When we think about prophets and prophecy, I think our minds always take us to ancient days. All the prophets we can think of lived many centuries ago: Moses, Elijah, Jeremiah, Amos and all the rest, right up to John the Baptist who was the last of the prophets of old and the beginning of the prophecy of the new kingdom. All of it culminating in the person of Jesus Christ, whose prophecy was the voice of God himself. But I think our readings today call us to look at prophecy in a new light, and to be open to the fact that there are many more prophets than we can think of right away, prophets that are a bit more contemporary than Moses and Elijah and all the others.
For Moses, prophecy was a huge task. He bore the responsibility of bringing God’s message of salvation to a people who had become used to living without it. He was to inaugurate the covenant between God and a people who had largely forgotten about God, or certainly thought God had forgotten about them. His prophetic burden was great, but God offered to take some of his prophetic spirit and bestow it on the seventy elders. So seventy were chosen, a list was drawn up, and a ceremony was prepared.
Two of their number – Eldad and Medad – were missing from the group during the ceremony, but the spirit was given to them anyway. But this had Joshua all bent out of shape. How could they be prophesying when they had not taken part in the ritual? So he complains about it to Moses, who clearly does not share his concern. He accuses Joshua of jealousy and says to him, “Would that all the people of the LORD were prophets! Would that the LORD might bestow his spirit on them all!”
Moses’ vision for the ministry was bigger than himself, bigger than Joshua, bigger than even the chosen seventy. And he makes a good point here. What if every one of God’s people knew God well enough to prophesy in God’s name? What if all of us who claim to follow God could speak out for God’s concern for the needy, the marginalized and the dispossessed? The world would certainly be a much different place. Joshua’s concern was that the rules be followed. Moses’ concern was that God’s work be done.
And so there’s a rather obvious parallel in the first part of today’s Gospel. This time it’s John who is all bent out of shape. Someone was casting out demons in Jesus’ name, and even worse, whoever it was was apparently successful! Jesus, of course, does not share John’s concern. Jesus’ vision of salvation was bigger than John’s. If demons are being cast out in Jesus’ name, what does it matter who is doing it? If people are being healed from the grasp of the evil one and brought back to the family of God, well then, praise God!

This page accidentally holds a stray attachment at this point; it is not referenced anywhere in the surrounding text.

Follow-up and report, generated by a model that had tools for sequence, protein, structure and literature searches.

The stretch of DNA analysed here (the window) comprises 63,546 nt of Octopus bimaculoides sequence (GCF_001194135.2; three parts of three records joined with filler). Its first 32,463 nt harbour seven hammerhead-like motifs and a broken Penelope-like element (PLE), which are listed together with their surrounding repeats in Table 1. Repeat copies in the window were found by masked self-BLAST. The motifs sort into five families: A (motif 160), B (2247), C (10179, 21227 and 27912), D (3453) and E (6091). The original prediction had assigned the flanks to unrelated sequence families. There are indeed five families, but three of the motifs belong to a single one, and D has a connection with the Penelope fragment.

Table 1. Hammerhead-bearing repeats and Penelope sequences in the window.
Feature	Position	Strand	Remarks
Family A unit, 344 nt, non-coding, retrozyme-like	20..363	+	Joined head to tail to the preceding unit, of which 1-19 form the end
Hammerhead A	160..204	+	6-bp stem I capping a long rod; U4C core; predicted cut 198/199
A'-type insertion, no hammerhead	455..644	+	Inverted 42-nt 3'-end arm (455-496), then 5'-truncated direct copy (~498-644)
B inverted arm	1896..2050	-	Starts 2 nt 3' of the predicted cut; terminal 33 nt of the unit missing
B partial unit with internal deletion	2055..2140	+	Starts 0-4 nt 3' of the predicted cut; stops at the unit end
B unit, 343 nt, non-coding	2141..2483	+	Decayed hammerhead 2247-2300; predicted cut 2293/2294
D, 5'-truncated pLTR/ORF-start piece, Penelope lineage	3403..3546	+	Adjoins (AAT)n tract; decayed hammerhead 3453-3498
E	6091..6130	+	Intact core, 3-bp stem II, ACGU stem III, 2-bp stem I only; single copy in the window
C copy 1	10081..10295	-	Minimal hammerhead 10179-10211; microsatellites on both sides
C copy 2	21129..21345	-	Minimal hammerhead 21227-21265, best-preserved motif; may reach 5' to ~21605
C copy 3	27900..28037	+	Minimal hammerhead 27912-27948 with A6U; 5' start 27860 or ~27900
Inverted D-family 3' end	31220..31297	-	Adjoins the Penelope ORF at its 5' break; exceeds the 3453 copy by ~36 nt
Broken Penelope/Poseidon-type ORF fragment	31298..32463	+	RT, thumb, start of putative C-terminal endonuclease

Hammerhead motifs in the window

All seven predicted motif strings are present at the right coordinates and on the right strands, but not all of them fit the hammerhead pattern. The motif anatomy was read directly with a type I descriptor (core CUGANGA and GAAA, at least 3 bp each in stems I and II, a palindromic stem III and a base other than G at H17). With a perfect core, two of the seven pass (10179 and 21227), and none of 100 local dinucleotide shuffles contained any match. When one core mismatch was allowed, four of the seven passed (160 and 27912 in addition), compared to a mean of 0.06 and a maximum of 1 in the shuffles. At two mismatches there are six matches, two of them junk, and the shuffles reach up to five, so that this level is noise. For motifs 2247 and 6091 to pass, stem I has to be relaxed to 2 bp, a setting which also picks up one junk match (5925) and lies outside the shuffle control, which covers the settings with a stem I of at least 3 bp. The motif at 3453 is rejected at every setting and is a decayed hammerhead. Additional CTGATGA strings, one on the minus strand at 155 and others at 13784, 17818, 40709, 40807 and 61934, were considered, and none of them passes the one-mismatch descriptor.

I think the point here that we need to get is that true prophecy doesn’t always fit into a neat little box. During the rite of baptism, the person who has just been baptized is anointed with the sacred Chrism oil – the oil that anoints us in the image of Jesus as priest, prophet and king. It is part of our baptismal calling for all of the people of the Lord to be prophets. And so we really ought to be hearing the word of the Lord all the time, from every person in our lives. God gives us all people who are prophetic witnesses to us: people who say and live what they believe. They might be our parents or our children, the colleague at work, the person who sits next to us in math class, or even the neighbor who seems to always want to talk our ear off. At the basic level, one of the most important questions that arises in today’s Liturgy of the Word is, who are the prophets among us? Who is it in our lives that has been so gifted with the spirit that they challenge us to be better people and live better lives?
But as much as we have those kind of prophetic voices in our lives, there are also the other voices. These are the voices of our culture that drag us down to the depths of brokenness, debauchery and despair. That, I think is what Jesus meant by all that drastic surgery he talked about at the end of the Gospel reading today.
I don’t think any of us needs to chop off a hand, but instead chop off some of the things those hands do. Maybe it’s a business deal that is not worthy of our vocation as Christians. Or it could be a sinful activity that we need to abandon. We probably shouldn’t lop off a foot. But we may indeed need to cut out of our lives some of the places those feet take us. Whether they’re actual places or situations that provide occasions for sin, they must go. I’m not suggesting that you gouge out an eye. But maybe cut out some of the things that those eyes see. Whether it’s places on the internet we ought not go, or television shows or movies that we should not see, we need to turn away from those voices. Some people may find that they need to get rid of the computer or television, or put them in a more public spot, or find an activity that takes them away from those things. It may be hard to do without them, but better that than being so wrapped up in ourselves that we forget about God. Better to live without these things than to be forever without God.
Prophecy is a huge responsibility. Being open to that prophecy is a challenge to humility. We might be the prophets, or we might be the ones hearing the prophets, but in either case we have work to do. Prophets need to be faithful to God’s spirit, and hearers need to be open to the word and ready to act on it. Prophecy nearly always calls us to a radical change. May God help us to recognize the prophets among us, and make us ready to hear the word of the Lord.
Would that all the people of the LORD were prophets! Would that the LORD might bestow his spirit on them all!